Investors have been on a wild ride for the past four weeks. Literally one month ago, to the day, the Dow, S&P 500 and Nasdaq were trading at their respective all-time highs before enduring a brutal correction.
The sell-off levied heavy technical damage and damaged investor sentiment big time. What was a smooth ride for most of 2018 is no longer so smooth. The investing landscape has changed and investors need to respond accordingly, as rising volatility will make it harder to execute ideal entry and exit points.
Closing the books on the month of October couldn’t come soon enough for most investors. Roughly 90% of all stocks are trading well off the late September highs. Some high price-to-earnings (P/E) growth stocks are down as much as 40-50%. About the only asset classes that have worked have been going long in the dollar, utilities, a few health care companies and some other defensive plays like McDonald’s, Procter & Gamble and Phillip Morris. By and large, though, the sell-off inflicted heavy share price damage that is now under repair.
The oversold rally during this past week was inspired by the S&P 500 finding key support at the 2,600 level, coupled with some strong earnings reports and hints of fresh dialogue between the United States and China. A couple of Fed presidents also spoke out about how fiscal policy wasn’t a lock to raise rates if economic data softened over the next few weeks. Fear of rising rates has boosted the dollar back up to its 2018 highs.
Chart courtesy of StockCharts.com
With the 2-year Treasury Note yield at 2.89% and just off its high of 2.91%, the notion of a higher dollar and higher short-term rates is a definite headwind for the market. Until the S&P 500 clears its 200-day moving average, which sits overhead at 2,765, I think the market will chop back and forth at least through next week’s midterm elections to be held Tuesday. Assuming the Republicans hold onto the Senate, the market should attempt to add to the current rebound. November has proved to be the second-best month for stocks during the past five years. If President Trump gives any indication that trade talks can progress, the market will really warm up to that development.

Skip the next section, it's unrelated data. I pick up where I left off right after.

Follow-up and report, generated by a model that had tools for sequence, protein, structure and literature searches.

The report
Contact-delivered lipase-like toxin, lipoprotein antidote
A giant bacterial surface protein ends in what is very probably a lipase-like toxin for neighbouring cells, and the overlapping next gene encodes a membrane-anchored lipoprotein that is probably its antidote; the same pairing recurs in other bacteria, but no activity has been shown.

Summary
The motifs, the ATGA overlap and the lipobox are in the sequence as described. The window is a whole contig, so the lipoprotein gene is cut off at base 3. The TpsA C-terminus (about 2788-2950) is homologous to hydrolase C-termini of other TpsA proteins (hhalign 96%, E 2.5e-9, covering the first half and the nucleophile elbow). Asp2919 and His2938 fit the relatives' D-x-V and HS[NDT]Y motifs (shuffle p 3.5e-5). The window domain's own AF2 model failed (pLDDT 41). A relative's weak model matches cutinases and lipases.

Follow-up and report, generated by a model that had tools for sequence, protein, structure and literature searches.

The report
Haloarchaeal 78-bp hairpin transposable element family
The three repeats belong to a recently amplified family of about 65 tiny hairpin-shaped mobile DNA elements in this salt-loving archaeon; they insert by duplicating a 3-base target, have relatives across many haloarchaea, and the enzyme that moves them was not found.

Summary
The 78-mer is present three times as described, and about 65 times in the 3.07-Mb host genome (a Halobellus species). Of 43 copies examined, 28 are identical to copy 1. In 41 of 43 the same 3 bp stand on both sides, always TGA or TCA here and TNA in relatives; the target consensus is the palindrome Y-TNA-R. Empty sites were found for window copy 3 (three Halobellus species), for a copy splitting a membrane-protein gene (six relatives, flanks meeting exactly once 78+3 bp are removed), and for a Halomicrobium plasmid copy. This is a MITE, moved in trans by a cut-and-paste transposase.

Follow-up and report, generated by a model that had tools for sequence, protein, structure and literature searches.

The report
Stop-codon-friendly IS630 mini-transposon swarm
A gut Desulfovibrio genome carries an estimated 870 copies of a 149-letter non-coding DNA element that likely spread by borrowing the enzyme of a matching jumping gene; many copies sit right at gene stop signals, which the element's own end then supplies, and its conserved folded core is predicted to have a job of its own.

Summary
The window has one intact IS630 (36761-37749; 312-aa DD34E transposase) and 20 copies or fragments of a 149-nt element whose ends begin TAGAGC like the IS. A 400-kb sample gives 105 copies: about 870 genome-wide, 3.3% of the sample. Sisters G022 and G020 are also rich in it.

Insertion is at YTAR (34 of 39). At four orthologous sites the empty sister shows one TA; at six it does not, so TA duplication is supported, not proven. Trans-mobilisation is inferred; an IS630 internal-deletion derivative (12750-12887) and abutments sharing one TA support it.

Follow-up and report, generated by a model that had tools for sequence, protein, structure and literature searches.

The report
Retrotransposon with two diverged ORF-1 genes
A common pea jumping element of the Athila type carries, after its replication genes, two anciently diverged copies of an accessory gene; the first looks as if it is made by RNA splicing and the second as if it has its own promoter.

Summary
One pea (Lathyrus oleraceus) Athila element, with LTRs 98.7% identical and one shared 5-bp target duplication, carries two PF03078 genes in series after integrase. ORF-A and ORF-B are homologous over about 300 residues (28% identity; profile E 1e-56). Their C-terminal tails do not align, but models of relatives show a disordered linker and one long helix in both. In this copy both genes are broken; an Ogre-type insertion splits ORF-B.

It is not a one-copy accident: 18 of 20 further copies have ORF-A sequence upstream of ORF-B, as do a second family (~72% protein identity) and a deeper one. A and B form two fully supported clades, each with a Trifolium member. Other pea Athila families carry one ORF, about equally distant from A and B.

So, with that said, the confluence of worries that engulfed investor sentiment in early October is getting addressed one by one. The PCE Price Index, which the Fed watches for inflation, came in at 2.2% versus a 2.3% estimate, and that reading should come down after WTI crude has fallen about $10 to $65/bbl. this week.
Additionally, the strong 3.5% GDP reading for the third quarter was attributed to inventory building by companies getting in front of the second round of tariffs, accounting for as much as 1.0-2.0% of the number. This implies the fourth-quarter read will be somewhere between 2.5-3.0%, giving the Fed room to consider waiting on a rate hike.
As to the ongoing concern over Italy’s beleaguered bond market, Standard & Poor’s this past week assigned Italy’s debt an investment grade. That rating takes into account the assumption the European Central Bank will backstop and support that market should it come under further distress. The updated rating alleviated, at least for now, widespread fear of systemic contagion surrounding emerging-market debt held by Italian banks.
The collection of these factors and well-entrenched caution about the slowing rate of global growth reflected in the slightly downward adjustment by the International Monetary Fund (IMF) to 3.4% from 3.6% in early October also gave the bearish camp another catalyst to take the market down. But now those concerns are lifting with stocks. And yet, I expect some consolidation after the S&P rallied up to its 200-day moving average that sits just overhead at 2,765, approaching near-term overhead resistance.
So, it’s hugely important to understand where new market leadership will emerge for not only the year-end but going into 2019. There is technical damage galore in many of the most coveted tech stocks such as Amazon.com (NASDAQ:AMZN), Alphabet (GOOGL), Nvidia (NASDAQ: NVDA), Facebook (NASDAQ:FB), Netflix (NASDAQ:NFLX) and Micron Technology (NASDAQ:MU), and they have all sliced down through their respective 200-day moving averages. Apple’s disappointing quarter only added more uncertainty to the big-cap tech risk-on trade that has led most of 2018.
While the aforementioned stocks are now in the technical doghouse, there is a short list of super-high-quality blue-chip tech stocks that will, in my view, drive the tech sector as money flows out of the prior leaders and into the new frontrunners. Investors don’t have to unload their technology exposure. But going forward, the big tech exchange-traded funds (ETFs) that own the FAANG stocks in a big way will likely underperform. On the flip side, shares of Adobe Systems (NASDAQ:ADBE), Microsoft (NASDAQ:MSFT), Salesforce.com (NYSE:CRM), Autodesk (NASDAQ: ADSK), Intuit (NASDAQ:INTU), Cisco Systems (NASDAQ: CSCO), Xilinx (NASDAQ: XLNX), Atlassian (NASDAQ:TEAM ) and NetApp (NASDAQ:NTAP) are poised to lead the market higher. One also could include the financial technology stocks of Visa (NYSE:V), MasterCard (NYSE:MA), PayPal (NASDAQ:PYPL) and WorldPay (NYSE:WP) within this new elite group.
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